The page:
When she was growing up, Alana Riley wanted to be an astronaut. But don’t try to tell the Montreal photographer and artist “you are what you do.” This past spring, she took pictures of ordinary people in Rimouski, a small city in eastern Quebec on the south shore of the St. Lawrence. Two pictures, actually: one in their actual workplace and another in an imagined scene from their childhood dream job. The result is a powerful visual inquiry into identity and self-perception.
Riley believes we define ourselves too much by what we do. “At a certain age we stop considering our options. But we can still be anything we want to be.”
The project came to life, Riley says, when she grew tired of photographing friends and acquaintances in Montreal and looked farther afield. She start-ed taking pictures of residents of Rimouski—and that’s when things took off. Shooting was an organic process: talking with a local mechanic while he was fixing her flat tire, he mentioned his dream of being a truck driver. Three days later, she photo-graphed him standing proudly on an eighteen-wheeler.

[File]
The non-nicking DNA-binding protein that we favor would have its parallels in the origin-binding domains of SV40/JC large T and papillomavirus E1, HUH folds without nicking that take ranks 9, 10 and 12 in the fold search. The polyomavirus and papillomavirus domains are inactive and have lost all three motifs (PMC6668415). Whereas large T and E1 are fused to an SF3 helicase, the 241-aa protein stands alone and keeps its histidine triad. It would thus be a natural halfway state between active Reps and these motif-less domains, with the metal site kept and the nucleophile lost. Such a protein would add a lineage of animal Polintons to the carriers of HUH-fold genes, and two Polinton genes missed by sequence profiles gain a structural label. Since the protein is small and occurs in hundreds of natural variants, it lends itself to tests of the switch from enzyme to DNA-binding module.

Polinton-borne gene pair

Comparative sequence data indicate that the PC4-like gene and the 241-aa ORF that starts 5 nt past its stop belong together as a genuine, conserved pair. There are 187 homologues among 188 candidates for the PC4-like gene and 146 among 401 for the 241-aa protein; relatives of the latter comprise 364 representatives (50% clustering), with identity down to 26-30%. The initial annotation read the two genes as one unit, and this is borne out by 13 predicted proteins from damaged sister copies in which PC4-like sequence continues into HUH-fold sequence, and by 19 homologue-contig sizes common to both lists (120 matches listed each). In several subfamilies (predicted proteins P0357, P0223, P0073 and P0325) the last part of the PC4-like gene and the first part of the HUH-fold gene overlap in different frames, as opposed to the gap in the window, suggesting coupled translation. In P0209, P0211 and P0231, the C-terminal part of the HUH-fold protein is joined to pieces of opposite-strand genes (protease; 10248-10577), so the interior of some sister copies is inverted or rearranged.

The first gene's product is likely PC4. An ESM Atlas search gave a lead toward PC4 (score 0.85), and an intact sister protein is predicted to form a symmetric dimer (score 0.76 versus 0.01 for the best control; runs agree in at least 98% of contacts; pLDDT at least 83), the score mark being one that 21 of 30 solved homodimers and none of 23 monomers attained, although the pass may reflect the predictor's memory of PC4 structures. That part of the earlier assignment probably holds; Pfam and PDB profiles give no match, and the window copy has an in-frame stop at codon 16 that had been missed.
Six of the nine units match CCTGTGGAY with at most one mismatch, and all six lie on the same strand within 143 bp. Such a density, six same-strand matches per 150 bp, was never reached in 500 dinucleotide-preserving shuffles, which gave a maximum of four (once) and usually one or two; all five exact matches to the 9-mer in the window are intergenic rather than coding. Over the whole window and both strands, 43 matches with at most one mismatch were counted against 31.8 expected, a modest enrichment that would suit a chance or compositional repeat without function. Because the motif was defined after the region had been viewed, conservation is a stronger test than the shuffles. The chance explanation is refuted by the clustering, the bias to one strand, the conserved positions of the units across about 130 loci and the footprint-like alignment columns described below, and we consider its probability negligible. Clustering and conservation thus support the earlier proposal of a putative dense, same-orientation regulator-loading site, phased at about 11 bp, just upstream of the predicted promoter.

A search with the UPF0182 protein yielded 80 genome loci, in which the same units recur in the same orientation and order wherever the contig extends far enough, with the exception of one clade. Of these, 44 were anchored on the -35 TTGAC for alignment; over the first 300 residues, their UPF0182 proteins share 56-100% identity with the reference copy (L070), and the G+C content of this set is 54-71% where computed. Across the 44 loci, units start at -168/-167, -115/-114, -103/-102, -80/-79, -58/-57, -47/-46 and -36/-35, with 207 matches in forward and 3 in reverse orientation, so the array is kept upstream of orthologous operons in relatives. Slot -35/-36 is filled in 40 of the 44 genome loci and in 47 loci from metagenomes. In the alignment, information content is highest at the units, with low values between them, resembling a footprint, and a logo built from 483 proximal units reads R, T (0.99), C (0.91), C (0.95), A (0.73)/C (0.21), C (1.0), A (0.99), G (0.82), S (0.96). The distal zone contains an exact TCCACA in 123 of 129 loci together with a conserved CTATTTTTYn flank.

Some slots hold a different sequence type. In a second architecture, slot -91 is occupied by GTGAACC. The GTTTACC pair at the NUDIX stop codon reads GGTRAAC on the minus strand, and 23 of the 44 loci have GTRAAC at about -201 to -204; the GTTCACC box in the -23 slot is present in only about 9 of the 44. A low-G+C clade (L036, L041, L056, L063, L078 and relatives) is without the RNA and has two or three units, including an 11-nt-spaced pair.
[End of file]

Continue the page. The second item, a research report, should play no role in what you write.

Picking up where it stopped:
Indeed, part of the allure of these photos is in the willingness of the participants to get into the spirit of their own fantasies. Perhaps not sur-prisingly, given Quebec’s intense religious heritage, several photos show theological impulses that still lie in people’s hearts. Riley’s exhibit, I Am Still What I Meant to Be, showed this past summer as part of the group show called Déjà Vu at the Musée Regional de Rimouski. While Riley doesn’t plan to be experiencing zero gravity any time soon, the artist continues to photograph strangers for new projects.